While agreement was strong for a change to one fee, there was a split throughout submissions over whether the fees for Experience Pathway registration should be increased. Some thought that the fee was fair in comparison to what people paid to study. “Personally, I think this should be coming to a close. I am aware of people still coming through to social work under experience. I think there is a lot of access to social work degrees, and it is possible to be gaining the degree while working. So yes, I agree with this fee.” Others thought the fee was too high and should not increase. “The current fee is far too high, and again could lead to s/w leaving the profession.”  

Others suggested that they thought there needs to be transparency with what costs are associated with the fees being charged.  

Overall support for some other changes 

Some changes had strong support, especially changes to fees for those social workers from overseas wanting to register and practice in Aotearoa, and charging fees to those who are late to pay their APC. 

Education provider changes 

There was broad support for name changes, but some concern about education fee increases, particularly with any increased costs for students.  

Two similar themes emerged for the changing of the names for academic fees. The first was that people thought it was clearer or more streamlined. The second theme was that individuals didn’t care about the change in name as it was not relevant to them personally.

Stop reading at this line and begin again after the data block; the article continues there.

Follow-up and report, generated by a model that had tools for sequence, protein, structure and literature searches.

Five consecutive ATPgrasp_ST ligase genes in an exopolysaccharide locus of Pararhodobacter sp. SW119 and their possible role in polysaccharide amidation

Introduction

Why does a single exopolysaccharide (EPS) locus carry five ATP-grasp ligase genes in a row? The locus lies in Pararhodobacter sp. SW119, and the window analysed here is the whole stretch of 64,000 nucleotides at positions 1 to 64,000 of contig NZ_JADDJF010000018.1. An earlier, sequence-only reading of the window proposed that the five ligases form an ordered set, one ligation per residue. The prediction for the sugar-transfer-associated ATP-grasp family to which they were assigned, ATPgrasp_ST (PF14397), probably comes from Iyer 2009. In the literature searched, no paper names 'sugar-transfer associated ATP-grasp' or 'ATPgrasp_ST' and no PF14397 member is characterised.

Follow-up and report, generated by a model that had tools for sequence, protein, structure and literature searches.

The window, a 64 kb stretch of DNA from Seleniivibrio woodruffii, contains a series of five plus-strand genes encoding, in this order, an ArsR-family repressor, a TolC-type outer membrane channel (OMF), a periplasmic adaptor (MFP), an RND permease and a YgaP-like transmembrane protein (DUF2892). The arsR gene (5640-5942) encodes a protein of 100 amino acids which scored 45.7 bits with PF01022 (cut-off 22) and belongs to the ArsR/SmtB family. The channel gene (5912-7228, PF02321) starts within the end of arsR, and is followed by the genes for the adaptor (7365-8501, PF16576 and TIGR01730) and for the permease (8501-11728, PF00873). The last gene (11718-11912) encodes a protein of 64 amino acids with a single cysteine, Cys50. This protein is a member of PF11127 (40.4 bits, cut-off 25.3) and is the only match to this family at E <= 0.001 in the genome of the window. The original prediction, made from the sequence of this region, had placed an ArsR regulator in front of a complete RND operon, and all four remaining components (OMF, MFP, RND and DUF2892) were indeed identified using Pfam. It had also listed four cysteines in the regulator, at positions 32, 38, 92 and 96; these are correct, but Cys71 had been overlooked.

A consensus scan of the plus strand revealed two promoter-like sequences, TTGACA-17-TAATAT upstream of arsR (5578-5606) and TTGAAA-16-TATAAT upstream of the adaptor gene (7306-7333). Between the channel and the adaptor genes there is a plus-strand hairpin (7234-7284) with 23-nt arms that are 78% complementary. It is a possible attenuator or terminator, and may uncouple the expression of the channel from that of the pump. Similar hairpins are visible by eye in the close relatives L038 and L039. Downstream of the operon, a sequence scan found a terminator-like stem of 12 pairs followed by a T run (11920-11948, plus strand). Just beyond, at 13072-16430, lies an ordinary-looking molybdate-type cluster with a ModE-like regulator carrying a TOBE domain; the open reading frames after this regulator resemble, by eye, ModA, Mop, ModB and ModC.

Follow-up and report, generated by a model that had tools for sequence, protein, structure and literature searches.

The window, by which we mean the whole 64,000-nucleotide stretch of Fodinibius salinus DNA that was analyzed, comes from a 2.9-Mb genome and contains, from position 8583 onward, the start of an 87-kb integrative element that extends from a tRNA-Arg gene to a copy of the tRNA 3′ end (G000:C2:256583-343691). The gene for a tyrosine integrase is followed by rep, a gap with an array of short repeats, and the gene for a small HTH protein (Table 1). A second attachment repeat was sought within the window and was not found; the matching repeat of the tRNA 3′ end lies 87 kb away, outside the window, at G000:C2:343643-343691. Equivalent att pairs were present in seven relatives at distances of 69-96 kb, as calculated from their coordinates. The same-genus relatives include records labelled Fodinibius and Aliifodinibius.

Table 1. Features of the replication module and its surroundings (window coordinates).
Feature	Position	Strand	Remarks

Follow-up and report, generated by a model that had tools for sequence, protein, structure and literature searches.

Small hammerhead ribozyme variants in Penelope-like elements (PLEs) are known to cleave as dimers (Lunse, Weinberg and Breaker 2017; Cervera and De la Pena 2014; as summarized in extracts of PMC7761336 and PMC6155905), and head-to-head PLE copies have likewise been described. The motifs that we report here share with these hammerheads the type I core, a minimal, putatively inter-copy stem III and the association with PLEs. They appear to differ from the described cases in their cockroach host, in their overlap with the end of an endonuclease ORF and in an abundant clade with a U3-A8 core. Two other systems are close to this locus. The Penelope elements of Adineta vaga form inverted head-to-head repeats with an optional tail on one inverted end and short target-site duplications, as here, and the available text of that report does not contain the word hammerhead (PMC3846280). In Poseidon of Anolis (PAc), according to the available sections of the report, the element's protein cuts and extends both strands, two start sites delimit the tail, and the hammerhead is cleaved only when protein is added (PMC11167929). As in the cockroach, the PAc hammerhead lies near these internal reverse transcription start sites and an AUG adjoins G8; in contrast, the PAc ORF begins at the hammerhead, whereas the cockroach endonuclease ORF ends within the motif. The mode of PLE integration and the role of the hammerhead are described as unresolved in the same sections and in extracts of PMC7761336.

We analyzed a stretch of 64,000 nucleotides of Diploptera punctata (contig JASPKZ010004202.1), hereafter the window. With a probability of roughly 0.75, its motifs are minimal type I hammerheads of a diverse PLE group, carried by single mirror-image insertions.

There was concern that any increase in fees would spill over to the students. As a result, students would end up having higher course fees and have to pay more to complete the courses to cover these costs. Again, this was highlighted as a potential barrier to entering the social work profession.  

Some submissions pointed out that social work education programmes are funded as a 3-year arts degree whereas it is actually a 4-year degree with a placement. As such, educators receive the lowest amount of funding available to provide a social work degree. Concerns were raised that due to this underfunding, an increase in the fees would have a negative impact on social work education providers. 

Others noted that there wasn’t enough information to warrant an increase: “it is inappropriate to increase fees until this work (a review) has been undertaken and there is an agreement about the essential work associated with the recognition of social work programmes.”  

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Response to specific issues raised in submissions